The Slip: The New York City Street That Changed American Art Forever by Prudence Peiffer:
In the early twentieth century, a local American art scene arrived in New York, commemorated by the critic Paul Rosenfeld, embracing elements that felt homegrown: the sea, the skyscraper, the structural lines of the Brooklyn Bridge. Alfred Stieglitz, with his wife, Georgia O’Keeffe, brought together writers and artists in his galleries, the Intimate Gallery, An American Place, and 291. As early as 1893, Stieglitz had photographed Coenties Slip on a slushy winter day, also looking north across the busy intersection at South Street. The broad prows of the great ships cut over the street like a canopy of branches to the streetlamp, which itself resembles a mast. The sidewalk, below signs for sail lofts and sailmakers and paint shops, is crowded with overcoated men, and South Street is clogged with horses and carriages and a lone man shoveling dirty snow. In the far distance, the Brooklyn Bridge stretches against the murky gray sky.
After spending his twenties in 1920s Paris, soaking up the art crossroads there, Stuart Davis tapped into the hectic energy of a city that did not discriminate by subject matter. Besides art, he took his inspiration from “the thing Whitman felt—and I too will express it in pictures—America—the wonderful place we live in.” For Davis, the United States was wood and iron, “Civil War and skyscraper architecture; the brilliant colors on gasoline stations; chain-store fronts, and taxi-cabs . . . fast travel by train, auto, and aeroplane which brought new and multiple perspectives; electric signs . . .” He depicted Coenties Slip in 1931 in his House and Street, a strange and colorful painting that is bifurcated like two movie stills. Front Street is composed of abstracted fire-escape ladders and windows, the Slip as a series of lower brick warehouses, and bright blue triangles against a green column suggest the elevated train tracks. Taller buildings even then rising behind the nineteenth-century buildings are made from patterned lines, stripes, and grids, not unlike samples of the work to come at the Slip by Kelly, Martin, and Tawney.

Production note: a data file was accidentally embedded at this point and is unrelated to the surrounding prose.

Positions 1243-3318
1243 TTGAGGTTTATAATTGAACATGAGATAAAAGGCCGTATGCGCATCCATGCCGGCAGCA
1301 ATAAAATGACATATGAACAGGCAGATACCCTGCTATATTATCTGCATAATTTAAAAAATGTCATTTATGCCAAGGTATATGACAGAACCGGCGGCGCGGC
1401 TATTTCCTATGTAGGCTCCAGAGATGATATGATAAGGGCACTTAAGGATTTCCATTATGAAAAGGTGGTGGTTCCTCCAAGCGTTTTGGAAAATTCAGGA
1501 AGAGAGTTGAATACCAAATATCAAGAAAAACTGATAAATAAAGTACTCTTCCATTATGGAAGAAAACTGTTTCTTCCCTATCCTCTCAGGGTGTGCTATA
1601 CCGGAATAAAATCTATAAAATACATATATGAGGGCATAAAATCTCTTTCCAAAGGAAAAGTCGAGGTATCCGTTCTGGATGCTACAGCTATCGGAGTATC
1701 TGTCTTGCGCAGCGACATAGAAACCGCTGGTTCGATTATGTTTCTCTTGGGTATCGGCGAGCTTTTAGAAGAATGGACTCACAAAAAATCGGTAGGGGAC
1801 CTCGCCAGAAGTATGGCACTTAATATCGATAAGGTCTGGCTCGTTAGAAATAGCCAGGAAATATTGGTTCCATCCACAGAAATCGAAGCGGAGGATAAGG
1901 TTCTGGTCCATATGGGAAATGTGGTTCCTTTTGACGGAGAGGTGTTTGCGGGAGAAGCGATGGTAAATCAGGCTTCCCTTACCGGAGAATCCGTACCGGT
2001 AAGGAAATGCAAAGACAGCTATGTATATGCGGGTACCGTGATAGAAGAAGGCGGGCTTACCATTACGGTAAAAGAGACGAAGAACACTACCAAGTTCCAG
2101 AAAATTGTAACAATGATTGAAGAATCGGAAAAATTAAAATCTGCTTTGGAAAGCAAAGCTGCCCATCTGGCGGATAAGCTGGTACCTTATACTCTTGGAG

Berenice Abbott, another artist returning from Paris to New York to document an evolving metropolis, embarked on her decade-long series Changing New York in 1932. She had photographed the downtown waterfront area several times in her New York perambulations: Coenties Slip as early as 1929, and the El at Hanover and Pearl Streets in the spring of 1936 and ’38. Abbott’s Shelter on the Water Front, Coenties Slip, Pier 5, East River, Manhattan, captures a view of the Slip at its seediest, with a group of down-and-out men squatting in front of a ramshackle building and a row of low warehouses, set against the taller skyline. On this early May day, she took pictures with her new medium-format Linhof camera on a tripod while her assistant, in the words of her biographer, Julia Van Haaften, “pacified some drunks outside the East River pier caretaker’s shack.” As Abbott later recalled, “They dragged these alcoholics out of the river every day.” Ship masts can be seen rising behind the structure. The only man who is standing appears to have just hit one of the seated men; another man is prone on the ground asleep or passed out from drinking. Abbott became fascinated by the canal boat culture, and even looked into buying a barge.